Yikes! A single gene appears to modulate the amygdala’s response to emotional faces.

A Gene for Fear

Compared to eye color and pattern baldness, linking genes and behaviors has been a tough nut to crack. A new study in the 19 July issue of Science makes a substantial dent: It shows that versions of a single gene can influence how the brain responds to emotion-laden stimuli. The finding could help explain why one version of the gene seems to make people prone to anxiety.

The gene in question encodes a transporter protein that shuttles the neurotransmitter serotonin back into neurons after it has been released. The gene comes in two common versions, or alleles. One contains a short promoter region (the stretch of DNA that controls the gene's expression); the other has a longer promoter. An early hint that the transporter gene influences behavior came from the finding that people who have a copy of the short allele are slightly more likely (3% or 4%) to show signs of anxiety or fearfulness on clinical personality tests than are those with two copies of the long allele.

A team led by psychiatrist and neurologist Daniel Weinberger of the National Institute of Mental Health in Bethesda, Maryland, reasoned that the gene's effect might show up more clearly in the brain's emotional command center: an almond-shaped region called the amygdala. The researchers used functional magnetic resonance imaging to monitor activity in the amygdalas of 28 volunteers. While being scanned, subjects saw a picture of a face with either an angry or frightened expression and then had to choose which of two other faces showed the same emotion.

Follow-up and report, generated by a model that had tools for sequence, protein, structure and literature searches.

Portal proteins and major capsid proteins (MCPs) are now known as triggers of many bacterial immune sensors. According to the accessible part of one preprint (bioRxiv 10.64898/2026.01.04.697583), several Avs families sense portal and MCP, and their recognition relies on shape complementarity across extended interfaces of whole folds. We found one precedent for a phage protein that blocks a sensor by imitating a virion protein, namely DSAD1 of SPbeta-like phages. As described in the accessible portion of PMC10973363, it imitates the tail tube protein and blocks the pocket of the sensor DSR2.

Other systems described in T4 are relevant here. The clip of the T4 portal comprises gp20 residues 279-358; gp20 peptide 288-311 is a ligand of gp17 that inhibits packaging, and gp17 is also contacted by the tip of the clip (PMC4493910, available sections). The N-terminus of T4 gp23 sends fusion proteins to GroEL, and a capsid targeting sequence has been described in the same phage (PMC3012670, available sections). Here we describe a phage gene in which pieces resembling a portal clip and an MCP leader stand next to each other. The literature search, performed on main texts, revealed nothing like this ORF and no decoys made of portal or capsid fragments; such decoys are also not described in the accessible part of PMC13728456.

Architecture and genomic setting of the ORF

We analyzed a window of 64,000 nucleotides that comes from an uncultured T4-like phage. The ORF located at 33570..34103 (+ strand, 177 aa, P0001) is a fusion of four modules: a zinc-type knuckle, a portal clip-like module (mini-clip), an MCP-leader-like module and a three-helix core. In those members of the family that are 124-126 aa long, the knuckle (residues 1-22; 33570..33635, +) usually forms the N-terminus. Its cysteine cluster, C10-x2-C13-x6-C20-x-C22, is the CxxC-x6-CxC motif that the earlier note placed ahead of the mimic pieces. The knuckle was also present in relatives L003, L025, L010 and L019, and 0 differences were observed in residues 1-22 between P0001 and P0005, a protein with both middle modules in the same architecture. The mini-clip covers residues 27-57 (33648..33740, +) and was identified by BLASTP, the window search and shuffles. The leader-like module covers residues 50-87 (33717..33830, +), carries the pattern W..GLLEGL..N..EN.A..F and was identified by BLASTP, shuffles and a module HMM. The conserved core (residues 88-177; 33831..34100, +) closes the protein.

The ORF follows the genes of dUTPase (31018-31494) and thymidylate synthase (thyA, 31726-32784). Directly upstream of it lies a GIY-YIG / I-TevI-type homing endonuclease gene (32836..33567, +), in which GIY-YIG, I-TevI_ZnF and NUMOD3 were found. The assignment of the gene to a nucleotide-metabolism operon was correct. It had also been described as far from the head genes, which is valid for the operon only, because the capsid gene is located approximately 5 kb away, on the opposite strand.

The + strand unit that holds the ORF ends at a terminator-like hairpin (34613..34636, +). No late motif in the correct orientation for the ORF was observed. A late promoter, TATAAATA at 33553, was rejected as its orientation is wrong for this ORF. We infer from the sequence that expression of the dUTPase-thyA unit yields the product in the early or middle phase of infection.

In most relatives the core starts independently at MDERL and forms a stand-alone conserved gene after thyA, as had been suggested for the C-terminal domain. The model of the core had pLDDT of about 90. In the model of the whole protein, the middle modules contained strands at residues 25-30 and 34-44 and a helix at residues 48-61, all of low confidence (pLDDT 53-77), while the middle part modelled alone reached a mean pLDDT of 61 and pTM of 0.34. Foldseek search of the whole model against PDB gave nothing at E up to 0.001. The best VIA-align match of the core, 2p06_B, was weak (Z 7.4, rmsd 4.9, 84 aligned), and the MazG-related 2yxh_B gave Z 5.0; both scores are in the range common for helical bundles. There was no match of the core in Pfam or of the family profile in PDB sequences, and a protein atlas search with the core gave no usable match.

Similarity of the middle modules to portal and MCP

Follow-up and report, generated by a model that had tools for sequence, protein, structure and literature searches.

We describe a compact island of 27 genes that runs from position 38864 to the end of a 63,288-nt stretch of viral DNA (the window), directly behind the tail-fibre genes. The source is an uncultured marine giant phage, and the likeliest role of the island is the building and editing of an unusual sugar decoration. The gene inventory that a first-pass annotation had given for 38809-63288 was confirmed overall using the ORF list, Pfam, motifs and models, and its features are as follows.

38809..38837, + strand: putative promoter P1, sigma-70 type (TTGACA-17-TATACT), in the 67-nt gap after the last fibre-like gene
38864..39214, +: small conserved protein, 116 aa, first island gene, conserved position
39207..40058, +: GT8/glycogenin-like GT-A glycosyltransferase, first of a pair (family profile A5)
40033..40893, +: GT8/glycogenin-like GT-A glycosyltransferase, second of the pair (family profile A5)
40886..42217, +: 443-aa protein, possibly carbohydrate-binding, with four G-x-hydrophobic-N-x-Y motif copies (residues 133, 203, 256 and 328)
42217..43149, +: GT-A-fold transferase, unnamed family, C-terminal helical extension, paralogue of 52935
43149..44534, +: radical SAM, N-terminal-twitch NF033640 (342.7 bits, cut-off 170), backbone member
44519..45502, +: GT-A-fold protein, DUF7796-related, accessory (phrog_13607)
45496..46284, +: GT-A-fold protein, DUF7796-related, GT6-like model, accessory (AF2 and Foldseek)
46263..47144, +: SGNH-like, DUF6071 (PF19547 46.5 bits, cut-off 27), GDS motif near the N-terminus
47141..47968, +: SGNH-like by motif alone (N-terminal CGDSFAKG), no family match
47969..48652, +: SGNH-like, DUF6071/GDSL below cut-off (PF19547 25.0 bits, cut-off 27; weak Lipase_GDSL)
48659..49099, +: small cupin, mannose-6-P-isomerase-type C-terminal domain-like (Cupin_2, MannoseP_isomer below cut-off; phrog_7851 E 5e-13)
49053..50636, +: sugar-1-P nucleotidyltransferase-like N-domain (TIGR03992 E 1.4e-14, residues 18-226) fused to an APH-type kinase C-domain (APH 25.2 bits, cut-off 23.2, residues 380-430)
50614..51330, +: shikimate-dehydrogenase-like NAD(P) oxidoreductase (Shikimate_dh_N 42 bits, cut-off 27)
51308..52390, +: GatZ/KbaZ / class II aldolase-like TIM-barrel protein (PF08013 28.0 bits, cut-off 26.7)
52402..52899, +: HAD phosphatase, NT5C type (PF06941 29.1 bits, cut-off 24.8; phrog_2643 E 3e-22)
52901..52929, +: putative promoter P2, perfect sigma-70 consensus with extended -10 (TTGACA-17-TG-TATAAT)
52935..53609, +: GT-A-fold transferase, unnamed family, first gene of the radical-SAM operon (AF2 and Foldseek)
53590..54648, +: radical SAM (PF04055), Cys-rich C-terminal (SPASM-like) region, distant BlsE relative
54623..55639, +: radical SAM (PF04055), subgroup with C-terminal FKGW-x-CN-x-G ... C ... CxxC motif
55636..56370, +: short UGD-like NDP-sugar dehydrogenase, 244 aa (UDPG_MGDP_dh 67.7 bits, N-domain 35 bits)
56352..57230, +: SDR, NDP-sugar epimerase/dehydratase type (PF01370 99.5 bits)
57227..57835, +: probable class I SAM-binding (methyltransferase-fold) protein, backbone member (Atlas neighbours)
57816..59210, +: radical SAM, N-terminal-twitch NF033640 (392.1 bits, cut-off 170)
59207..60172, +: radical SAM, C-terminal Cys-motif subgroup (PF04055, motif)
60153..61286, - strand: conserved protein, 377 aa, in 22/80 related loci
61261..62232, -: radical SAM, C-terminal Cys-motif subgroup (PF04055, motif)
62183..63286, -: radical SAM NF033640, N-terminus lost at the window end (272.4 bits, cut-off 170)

Both groups matched expressions correctly about 90% of the time. But people with at least one copy of the short allele showed considerably more activity in their right amygdalas while engaged in the task. "The amygdala puts a label on information that says 'This is dangerous,' " Weinberger explains, and a hyperactive amygdala might explain why people with the short allele are more prone to anxiety.

"It's a fascinating study," says Joseph LeDoux, a neuroscientist at New York University. "It will surely stimulate lots of additional work on the neural basis of normal and pathological fear and anxiety."